(Senate Inquiry, Page 591)
Hardy went on to inform Senator Fletcher that despite Murdoch's warning, despite the sinister tilt of the deck as his boat was lowered, he "still had confidence the thing would float, though, sir, without a doubt." (Page 592)
Third Officer Thomas Pitman agreed with Hardy. Ordered by Murdoch to assume charge of the second starboard boat launched, his departure was formal, its intent obvious. Pitman, however, was too anxious about being adrift in the North Atlantic to catch Murdoch's meaning:
Mr. Pitman: So Murdock said, 'You go in charge of this boat.' [No. 5]
Senator Smith: Murdock said that to you?
Pitman: Yes; he said, 'You go away in this boat, old man, and hang around the after gangway.' I did not like the idea of going away at all, because I thought I was better off on the ship.
Smith: That is, these passengers thought so or you thought so?
Pitman: I thought so.
Smith: You thought they were better off on the ship?
Pitman: I thought I was.
. . . . .
Pitman: He said, 'You go ahead in this boat, and hand [sic] around the after gangway.' He shook hands with me and said, 'Good by; good luck;' and I said, 'Lower away.'
Smith: Murdock did?
Pitman: Murdock shook hands good by, and said 'Good luck to you.'
Smith: Did you ever see him after that?
Pitman: Never. . . .
. . . . .
Smith: When you shook hands with Murdock and bade him good bye, did you ever expect to see him again?
Pitman: Certainly; I did.
Smith: Do you think, from his manner, he ever expected to see you again?
Pitman: Apparently not. I expected to get back to the ship again, perhaps two or three hours afterwards.
Smith: But he, from his manner, did not expect that?
Pitman: Apparently not. (Pages 277 278, 282)
The discipline that the crew so admired was imposed by will power, by fearful single mindedness, on a warmly emotional nature. The few glimpses into his mind that survive, the charm of the only existing letters, the sporadic illuminating word from Titanic survivors, suggest considerable feeling just beneath the practiced composure. Murdoch belonged to a culture that eschews all public displays of emotion, regardless of circumstance; hence Wheelton's praise, and Hardy's memory of a classic specimen of British understatement. Murdoch knew that the world's greatest oceanliner was going to founder, knew, moreover, that only a fraction of her company would be alive at dawn; absent a rescue ship alongside (statistically, even with one) those who did not drown would soon die of exposure. He could as a deck officer assume command of a lifeboat for the very real purpose of safeguarding passengers in mid Atlantic; by regulation, he was in any event assigned to command one. Unlike others, William Murdoch had a choice between life and death: his obligation to stay with the Titanic was exclusively moral. By remaining at his post, to the bitter end, he had, like Iphigenia at Aulis, chosen the honor due intangibles over his own life.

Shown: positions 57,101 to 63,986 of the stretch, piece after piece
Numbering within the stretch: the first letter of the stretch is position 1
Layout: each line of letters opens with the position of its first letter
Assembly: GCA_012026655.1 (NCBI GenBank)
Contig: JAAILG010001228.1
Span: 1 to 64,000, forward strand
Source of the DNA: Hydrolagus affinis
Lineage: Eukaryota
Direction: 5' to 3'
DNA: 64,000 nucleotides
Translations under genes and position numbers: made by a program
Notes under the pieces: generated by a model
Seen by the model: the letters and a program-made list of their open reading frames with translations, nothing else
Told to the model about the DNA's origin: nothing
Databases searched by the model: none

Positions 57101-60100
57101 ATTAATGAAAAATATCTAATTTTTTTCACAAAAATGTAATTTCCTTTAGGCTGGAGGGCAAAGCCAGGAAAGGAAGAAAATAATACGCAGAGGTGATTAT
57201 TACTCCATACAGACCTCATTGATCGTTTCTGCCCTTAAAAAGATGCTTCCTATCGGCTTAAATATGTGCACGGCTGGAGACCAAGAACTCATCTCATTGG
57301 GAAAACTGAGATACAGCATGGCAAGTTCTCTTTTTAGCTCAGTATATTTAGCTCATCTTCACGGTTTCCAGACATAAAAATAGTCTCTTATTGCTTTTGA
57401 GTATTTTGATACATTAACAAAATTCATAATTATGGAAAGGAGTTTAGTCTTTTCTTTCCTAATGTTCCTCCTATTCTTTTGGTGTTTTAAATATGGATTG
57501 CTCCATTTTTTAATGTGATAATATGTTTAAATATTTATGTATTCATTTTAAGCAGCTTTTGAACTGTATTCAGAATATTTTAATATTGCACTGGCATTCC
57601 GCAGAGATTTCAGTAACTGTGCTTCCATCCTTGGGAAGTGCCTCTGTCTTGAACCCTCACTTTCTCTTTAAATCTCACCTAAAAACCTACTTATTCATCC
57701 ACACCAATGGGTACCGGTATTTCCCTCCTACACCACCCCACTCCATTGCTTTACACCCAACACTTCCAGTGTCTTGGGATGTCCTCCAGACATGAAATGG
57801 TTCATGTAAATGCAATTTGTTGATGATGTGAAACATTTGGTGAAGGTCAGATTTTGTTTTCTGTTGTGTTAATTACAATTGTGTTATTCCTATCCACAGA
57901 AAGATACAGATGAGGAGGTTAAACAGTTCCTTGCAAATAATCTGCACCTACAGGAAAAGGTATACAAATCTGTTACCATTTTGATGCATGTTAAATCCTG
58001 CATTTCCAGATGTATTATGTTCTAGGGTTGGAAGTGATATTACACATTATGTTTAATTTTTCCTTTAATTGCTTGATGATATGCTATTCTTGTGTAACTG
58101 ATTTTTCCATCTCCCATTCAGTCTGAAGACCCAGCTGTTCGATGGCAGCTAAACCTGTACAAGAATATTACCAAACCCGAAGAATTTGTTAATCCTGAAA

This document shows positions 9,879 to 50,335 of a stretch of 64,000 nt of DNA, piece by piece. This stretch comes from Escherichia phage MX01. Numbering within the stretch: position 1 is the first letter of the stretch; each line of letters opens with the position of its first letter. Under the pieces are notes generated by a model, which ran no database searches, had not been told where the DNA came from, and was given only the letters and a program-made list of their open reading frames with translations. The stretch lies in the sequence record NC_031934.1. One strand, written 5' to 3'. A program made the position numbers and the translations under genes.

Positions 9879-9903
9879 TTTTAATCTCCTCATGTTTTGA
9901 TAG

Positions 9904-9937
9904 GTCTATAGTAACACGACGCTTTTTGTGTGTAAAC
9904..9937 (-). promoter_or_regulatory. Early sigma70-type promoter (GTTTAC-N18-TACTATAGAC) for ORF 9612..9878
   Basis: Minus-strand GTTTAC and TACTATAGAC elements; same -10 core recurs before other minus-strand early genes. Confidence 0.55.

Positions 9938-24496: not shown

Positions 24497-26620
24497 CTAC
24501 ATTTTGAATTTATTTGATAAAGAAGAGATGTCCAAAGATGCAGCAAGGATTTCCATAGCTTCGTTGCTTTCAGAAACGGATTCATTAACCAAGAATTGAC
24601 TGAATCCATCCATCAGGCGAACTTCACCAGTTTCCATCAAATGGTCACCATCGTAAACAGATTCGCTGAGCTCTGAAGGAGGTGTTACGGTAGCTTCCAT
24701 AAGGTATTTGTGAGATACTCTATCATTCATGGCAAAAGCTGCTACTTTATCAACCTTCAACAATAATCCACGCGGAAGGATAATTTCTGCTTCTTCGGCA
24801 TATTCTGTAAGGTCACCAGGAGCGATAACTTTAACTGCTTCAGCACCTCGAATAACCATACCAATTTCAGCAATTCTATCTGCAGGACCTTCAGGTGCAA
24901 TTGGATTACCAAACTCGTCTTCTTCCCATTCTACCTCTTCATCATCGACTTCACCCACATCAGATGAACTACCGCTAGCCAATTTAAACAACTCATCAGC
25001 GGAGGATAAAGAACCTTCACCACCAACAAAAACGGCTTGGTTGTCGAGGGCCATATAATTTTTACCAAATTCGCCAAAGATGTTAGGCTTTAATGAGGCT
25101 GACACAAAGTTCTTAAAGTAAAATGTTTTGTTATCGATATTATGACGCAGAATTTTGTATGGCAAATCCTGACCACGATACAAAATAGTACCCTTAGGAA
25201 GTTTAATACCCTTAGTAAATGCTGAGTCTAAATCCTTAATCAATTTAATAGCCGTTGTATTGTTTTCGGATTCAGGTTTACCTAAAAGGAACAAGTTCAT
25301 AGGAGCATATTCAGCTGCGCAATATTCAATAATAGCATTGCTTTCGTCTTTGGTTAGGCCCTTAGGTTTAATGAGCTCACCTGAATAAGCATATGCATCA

The photograph of Murdoch alone on Titanic's bridge (generally used by publishers) should perhaps be less favored in considering what he actually looked like in 1912, nearing middle age; he appears severe but shadows indicate he faced the sun and was merely uncomfortable. Usually described as "tall" (crew members, passengers) and sometimes as "large", "powerful" (the Kirkcudbrightshire Advertizer) Murdoch followed his family pattern: well built, broad shouldered, commanding presence, chestnut hair, hazel eyes. In the words of the last family member who knew him, he stood "six foot plus". As his brother Samuel was 6'1", it is possible, but Murdoch appears to be 5'10" or 5'11" in most photographs, suggesting the extra inches were an illusion created by military bearing and force of personality.
A formal studio photograph taken in September of 1907 shows a handsome man still quite young, somewhat slimmer than in 1902, serene, beautifully dressed, with a hint of humor. The mustache is now dignified rather than exuberant; by the next known photograph, taken in 1910 or 1911 on the Adriatic (published in the Titanic Historical Society magazine in 1987), it would be gone. There would be little change between 1907 and 1912. His cool, autumnal elegance seems to match that of the Titanic herself, and perfectly accords with the necessities of classical drama: no one sympathizes with an ugly victim.